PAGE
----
http://www.veryuseful.com/mustang/tech/engine/images/fuel-alt-links-ign-ac.gif

http://www.veryuseful.com/mustang/tech/engine/images/88-91_5.0_EEC_Wiring_Diagram.gif


Code 21 – ECT sensor out of range. Broken or damaged wiring, bad ECT sensor.
Note that that if the outside air temp is below 50 degrees F that the test for the ECT can be in error. Warm the engine up until you get good hot air from the heater and then dump the codes again.

The ECT sensor has absolutely nothing to do with the temperature gauge. They are different animals. The ECT sensor is normally located it the passenger side front of the engine in the water feed tubes for the heater.

The ACT & ECT have the same thermistor, so the table values are the same

ACT & ECT test data:

Use Pin 46 on the computer for ground for both ECT & ACT to get most accurate readings.

Pin 7 on the computer - ECT signal in. at 176 degrees F it should be .80 volts

Pin 25 on the computer - ACT signal in. at 50 degrees F it should be 3.5 volts. It is a good number if the ACT is mounted in the inlet airbox. If it is mounted in the lower intake manifold, the voltage readings will be lower because of the heat transfer.



Voltages may be measured across the ECT/ACT by probing the connector from the rear. A pair of safety pins may be helpful in doing this. Use care in doing it so that you don't damage the wiring or connector.

Here's the table :

50 degrees F = 3.52 v
68 degrees F = 3.02 v
86 degrees F = 2.62 v
104 degrees F = 2.16 v
122 degrees F = 1.72 v
140 degrees F = 1.35 v
158 degrees F = 1.04 v
176 degrees F = .80 v
194 degrees F = .61
212 degrees F = .47 v
230 degrees F = .36 v
248 degrees F = .28 v

Ohms measures at the computer with the computer disconnected, or at the sensor with the sensor disconnected.

50 degrees F = 58.75 K ohms
68 degrees F = 37.30 K ohms
86 degrees F = 27.27 K ohms
104 degrees F = 16.15 K ohms
122 degrees F = 10.97 K ohms
140 degrees F = 7.60 K ohms
158 degrees F = 5.37 K ohms
176 degrees F = 3.84 K ohms
194 degrees F = 2.80 K ohms
212 degrees F = 2.07 K ohms
230 degrees F = 1.55 K ohms
248 degrees F = 1.18 k ohms

Diagram courtesy of Tmoss & Stang&2birds



See the following website for some help from Tmoss (diagram designer) & Stang&2Birds
(website host) for help on 88-95 wiring http://www.veryuseful.com/mustang/tech/engine/

Ignition switch wiring
http://www.veryuseful.com/mustang/tech/engine/images/IgnitionSwitchWiring.gif

Fuel, alternator, A/C and ignition wiring
http://www.veryuseful.com/mustang/tech/engine/images/fuel-alt-links-ign-ac.gif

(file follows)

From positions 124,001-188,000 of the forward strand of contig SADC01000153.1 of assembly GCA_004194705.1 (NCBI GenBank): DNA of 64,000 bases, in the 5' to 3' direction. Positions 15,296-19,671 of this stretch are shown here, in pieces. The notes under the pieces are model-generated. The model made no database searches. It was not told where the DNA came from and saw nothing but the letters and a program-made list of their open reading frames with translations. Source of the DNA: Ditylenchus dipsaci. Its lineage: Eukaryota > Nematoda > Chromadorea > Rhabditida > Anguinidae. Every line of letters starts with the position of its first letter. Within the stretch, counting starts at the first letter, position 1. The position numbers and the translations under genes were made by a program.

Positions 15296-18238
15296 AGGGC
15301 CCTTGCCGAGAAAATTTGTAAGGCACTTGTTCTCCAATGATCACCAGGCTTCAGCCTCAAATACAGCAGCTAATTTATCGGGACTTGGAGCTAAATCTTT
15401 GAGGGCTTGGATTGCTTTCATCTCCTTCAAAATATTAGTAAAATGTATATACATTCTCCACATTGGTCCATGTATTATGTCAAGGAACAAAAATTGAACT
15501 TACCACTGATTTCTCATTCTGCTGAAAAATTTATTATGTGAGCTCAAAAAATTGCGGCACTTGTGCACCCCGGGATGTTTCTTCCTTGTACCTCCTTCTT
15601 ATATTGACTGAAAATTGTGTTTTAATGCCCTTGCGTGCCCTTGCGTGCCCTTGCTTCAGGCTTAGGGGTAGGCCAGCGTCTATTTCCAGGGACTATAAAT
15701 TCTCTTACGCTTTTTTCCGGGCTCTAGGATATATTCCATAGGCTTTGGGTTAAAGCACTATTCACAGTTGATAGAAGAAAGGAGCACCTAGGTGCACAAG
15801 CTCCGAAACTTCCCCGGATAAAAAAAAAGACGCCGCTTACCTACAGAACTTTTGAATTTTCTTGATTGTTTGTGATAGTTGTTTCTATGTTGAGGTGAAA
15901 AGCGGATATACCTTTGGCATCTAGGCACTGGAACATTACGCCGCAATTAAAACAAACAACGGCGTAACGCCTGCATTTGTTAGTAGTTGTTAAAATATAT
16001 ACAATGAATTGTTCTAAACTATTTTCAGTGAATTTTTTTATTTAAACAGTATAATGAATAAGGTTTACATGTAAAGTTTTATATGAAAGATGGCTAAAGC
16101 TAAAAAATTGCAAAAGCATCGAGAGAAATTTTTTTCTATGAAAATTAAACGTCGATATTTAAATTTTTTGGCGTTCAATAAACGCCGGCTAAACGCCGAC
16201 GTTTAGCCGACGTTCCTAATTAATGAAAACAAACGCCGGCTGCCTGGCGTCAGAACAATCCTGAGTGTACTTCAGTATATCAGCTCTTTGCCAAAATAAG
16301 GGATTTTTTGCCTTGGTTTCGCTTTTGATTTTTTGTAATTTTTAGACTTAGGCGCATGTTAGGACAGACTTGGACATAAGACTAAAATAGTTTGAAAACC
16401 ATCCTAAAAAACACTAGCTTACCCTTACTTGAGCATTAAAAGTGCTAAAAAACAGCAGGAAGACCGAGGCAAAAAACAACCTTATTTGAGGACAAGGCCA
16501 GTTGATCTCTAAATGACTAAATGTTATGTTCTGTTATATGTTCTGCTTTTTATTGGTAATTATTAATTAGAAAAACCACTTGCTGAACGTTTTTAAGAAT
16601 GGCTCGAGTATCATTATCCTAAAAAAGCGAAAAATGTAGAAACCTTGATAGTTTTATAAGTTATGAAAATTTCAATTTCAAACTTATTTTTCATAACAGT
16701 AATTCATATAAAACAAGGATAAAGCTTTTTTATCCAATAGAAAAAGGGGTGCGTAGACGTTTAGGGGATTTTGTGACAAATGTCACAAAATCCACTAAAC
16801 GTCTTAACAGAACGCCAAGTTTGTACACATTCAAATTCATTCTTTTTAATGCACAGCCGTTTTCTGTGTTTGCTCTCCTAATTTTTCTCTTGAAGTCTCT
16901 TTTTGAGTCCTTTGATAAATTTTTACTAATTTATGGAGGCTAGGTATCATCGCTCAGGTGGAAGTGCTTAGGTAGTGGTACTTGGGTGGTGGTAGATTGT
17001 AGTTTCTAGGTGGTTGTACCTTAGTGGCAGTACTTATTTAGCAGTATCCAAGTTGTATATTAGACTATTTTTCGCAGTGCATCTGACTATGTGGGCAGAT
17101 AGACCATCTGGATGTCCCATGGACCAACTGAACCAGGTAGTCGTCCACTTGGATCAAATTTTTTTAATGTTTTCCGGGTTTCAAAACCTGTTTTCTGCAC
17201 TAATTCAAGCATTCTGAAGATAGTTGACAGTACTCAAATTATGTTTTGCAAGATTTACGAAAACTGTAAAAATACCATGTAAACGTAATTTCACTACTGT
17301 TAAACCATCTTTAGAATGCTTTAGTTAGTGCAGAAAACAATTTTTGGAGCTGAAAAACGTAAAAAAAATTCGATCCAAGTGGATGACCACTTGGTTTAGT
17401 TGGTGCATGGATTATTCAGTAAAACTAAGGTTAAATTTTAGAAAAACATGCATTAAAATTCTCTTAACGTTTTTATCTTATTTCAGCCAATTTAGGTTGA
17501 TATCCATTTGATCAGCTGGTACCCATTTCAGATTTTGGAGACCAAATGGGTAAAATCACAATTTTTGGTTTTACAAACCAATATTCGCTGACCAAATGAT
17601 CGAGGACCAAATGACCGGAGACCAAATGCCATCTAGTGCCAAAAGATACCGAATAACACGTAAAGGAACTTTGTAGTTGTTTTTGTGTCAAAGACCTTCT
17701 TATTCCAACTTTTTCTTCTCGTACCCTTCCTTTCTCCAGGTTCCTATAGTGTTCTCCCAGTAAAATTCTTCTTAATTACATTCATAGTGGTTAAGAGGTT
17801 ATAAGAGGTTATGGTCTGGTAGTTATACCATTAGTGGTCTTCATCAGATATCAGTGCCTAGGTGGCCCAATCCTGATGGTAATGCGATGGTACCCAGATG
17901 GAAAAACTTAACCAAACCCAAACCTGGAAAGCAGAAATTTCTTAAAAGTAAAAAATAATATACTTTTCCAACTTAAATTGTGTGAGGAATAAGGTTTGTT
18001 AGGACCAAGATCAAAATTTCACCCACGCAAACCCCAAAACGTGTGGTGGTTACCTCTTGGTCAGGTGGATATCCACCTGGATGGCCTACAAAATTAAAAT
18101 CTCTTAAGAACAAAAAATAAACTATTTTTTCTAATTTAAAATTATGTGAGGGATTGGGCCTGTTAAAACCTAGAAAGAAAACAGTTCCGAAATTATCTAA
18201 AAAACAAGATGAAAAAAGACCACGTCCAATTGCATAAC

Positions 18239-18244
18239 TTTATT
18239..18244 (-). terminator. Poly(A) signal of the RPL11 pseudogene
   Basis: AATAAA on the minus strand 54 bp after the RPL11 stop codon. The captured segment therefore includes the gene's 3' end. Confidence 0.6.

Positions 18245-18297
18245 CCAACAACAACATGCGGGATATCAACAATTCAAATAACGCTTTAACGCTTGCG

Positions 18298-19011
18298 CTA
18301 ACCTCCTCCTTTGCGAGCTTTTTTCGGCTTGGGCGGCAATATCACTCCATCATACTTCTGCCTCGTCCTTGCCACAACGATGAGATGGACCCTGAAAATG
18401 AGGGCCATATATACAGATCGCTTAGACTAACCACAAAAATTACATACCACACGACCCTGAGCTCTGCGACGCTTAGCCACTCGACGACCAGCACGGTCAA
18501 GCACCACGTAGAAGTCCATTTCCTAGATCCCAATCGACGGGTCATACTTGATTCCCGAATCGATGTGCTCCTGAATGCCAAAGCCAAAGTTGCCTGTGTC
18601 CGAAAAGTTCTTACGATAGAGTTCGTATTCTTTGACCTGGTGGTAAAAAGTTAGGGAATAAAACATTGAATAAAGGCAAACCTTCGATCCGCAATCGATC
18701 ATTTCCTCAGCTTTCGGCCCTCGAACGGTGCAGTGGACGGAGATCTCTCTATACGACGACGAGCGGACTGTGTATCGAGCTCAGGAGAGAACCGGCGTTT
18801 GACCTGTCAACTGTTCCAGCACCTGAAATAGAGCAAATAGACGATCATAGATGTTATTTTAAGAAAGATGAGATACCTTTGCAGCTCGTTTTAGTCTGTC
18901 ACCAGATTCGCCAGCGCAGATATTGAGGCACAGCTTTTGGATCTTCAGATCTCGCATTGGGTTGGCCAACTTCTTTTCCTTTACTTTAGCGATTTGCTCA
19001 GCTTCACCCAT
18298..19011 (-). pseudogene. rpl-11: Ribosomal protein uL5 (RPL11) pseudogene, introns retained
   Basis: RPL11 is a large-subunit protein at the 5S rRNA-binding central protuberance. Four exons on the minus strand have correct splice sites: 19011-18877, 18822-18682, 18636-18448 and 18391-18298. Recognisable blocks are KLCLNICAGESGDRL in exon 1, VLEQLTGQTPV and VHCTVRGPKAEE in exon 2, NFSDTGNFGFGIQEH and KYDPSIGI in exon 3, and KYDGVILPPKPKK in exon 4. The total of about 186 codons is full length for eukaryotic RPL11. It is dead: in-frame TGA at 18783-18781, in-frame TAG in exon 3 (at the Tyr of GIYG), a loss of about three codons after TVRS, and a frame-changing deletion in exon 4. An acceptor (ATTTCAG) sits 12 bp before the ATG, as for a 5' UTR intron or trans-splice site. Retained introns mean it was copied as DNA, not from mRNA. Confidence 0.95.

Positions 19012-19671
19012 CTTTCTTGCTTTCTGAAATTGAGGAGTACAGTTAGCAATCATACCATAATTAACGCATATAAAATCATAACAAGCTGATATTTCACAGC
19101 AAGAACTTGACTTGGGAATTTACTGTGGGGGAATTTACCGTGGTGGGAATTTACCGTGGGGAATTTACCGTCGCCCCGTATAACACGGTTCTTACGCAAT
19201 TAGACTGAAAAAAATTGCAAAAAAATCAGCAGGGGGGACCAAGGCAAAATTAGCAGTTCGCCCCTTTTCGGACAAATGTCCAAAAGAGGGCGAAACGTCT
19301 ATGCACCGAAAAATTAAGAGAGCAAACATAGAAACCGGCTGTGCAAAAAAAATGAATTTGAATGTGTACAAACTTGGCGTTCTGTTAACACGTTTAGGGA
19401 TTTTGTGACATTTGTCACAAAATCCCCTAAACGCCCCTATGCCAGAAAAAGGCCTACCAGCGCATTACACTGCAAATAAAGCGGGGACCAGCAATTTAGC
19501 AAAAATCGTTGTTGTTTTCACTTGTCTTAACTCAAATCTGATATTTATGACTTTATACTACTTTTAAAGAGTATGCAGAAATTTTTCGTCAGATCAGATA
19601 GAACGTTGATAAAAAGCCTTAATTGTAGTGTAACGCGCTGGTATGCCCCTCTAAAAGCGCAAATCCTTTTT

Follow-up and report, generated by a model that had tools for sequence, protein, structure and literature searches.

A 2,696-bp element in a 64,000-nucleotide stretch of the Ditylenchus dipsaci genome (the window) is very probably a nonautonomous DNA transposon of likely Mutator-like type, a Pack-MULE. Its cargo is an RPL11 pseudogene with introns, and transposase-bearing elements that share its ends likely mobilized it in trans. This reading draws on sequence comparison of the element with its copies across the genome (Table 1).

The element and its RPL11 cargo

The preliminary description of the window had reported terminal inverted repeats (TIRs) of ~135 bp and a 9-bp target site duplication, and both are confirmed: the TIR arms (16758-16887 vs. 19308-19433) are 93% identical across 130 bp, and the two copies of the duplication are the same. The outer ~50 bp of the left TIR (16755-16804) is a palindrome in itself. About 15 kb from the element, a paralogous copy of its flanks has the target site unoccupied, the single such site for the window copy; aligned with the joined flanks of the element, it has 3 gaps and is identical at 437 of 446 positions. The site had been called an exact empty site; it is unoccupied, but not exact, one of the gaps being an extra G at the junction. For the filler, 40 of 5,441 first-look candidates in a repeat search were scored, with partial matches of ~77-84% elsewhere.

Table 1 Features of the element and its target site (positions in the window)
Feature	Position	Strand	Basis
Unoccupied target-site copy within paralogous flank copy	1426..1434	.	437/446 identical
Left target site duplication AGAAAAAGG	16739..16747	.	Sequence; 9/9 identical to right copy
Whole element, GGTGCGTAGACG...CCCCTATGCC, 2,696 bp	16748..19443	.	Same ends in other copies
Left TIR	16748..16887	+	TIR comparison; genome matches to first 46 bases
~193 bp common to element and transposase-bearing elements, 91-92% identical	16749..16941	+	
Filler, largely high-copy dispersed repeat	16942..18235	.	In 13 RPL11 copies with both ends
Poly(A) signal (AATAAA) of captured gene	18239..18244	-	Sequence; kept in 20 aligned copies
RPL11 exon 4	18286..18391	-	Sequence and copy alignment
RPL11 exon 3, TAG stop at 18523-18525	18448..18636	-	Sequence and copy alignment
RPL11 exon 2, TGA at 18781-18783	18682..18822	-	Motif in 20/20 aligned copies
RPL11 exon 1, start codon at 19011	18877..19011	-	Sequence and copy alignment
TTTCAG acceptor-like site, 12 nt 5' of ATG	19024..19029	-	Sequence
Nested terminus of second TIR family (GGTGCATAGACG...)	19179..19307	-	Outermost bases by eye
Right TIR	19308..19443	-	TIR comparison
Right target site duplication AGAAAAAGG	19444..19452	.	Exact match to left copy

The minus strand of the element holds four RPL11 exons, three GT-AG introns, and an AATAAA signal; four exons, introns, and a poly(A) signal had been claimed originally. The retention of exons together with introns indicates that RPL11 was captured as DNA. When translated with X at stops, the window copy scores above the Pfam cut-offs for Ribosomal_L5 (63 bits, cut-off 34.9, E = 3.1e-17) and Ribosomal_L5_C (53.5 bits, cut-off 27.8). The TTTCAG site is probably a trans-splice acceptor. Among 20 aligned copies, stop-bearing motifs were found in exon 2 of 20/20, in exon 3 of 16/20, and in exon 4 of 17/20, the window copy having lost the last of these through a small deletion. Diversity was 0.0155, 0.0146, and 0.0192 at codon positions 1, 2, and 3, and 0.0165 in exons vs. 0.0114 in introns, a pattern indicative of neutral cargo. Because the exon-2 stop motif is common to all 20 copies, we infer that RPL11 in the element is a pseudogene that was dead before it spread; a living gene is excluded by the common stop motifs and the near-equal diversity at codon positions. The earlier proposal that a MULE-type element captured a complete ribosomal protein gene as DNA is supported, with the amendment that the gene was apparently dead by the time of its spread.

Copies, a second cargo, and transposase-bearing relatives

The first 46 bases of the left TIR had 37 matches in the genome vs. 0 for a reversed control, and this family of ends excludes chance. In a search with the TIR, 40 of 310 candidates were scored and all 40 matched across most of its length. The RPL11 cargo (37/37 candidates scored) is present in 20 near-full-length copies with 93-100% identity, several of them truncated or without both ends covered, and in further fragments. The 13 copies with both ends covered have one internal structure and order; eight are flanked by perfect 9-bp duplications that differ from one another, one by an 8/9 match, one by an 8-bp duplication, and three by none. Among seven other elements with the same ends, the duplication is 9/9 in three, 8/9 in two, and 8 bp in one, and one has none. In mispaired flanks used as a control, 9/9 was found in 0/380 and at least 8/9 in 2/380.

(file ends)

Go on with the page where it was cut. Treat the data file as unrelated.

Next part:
Complete computer, actuator & sensor wiring diagram for 88-91 Mass Air Mustangs
http://www.veryuseful.com/mustang/tech/engine/images/88-91_5.0_EEC_Wiring_Diagram.gif

Vacuum diagram 89-93 Mustangs
http://www.veryuseful.com/mustang/tech/engine/images/mustangFoxFordVacuumDiagram.jpg

b]Code 24[/b] - Intake Air Temperature (ACT) sensor out of range.
Bad sensor, bad wiring. The ACT for Mustangs built before 95 is in the
#5 intake runner. It measures the air temperature in the intake to help
computer the proper air/fuel ratio.

Note that that if the outside air temp is below 50 degrees F that the test for the ACT can be in error. Warm the engine up to operating temperature and retest.

ACT & ECT test data:

The ACT & ECT have the same thermistor, so the table values are the same

Pin 7 on the computer - ECT signal in. at 176 degrees F it should be .80 volts

Pin 25 on the computer - ACT signal in. at 50 degrees F it should be 3.5 volts.
It is a good number if the ACT is mounted in the inlet airbox. If it is mounted in
the lower intake manifold, the voltage readings will be lower because of the heat transfer.
Here's the table :

50 degrees F = 3.52 v
68 degrees F = 3.02 v
86 degrees F = 2.62 v
104 degrees F = 2.16 v
122 degrees F = 1.72 v
140 degrees F = 1.35 v
158 degrees F = 1.04 v
176 degrees F = .80 v
194 degrees F = .61
212 degrees F = .47 v
230 degrees F = .36 v
248 degrees F = .28 v

Ohms measures at the computer with the computer disconnected,
or at the sensor with the sensor disconnected.

50 degrees F = 58.75 K ohms
68 degrees F = 37.30 K ohms
86 degrees F = 27.27 K ohms
104 degrees F = 16.15 K ohms
122 degrees F = 10.97 K ohms
140 degrees F = 7.60 K ohms
158 degrees F = 5.37 K ohms
176 degrees F = 3.84 K ohms
194 degrees F = 2.80 K ohms
212 degrees F = 2.07 K ohms
230 degrees F = 1.55 K ohms
248 degrees F = 1.18 k ohms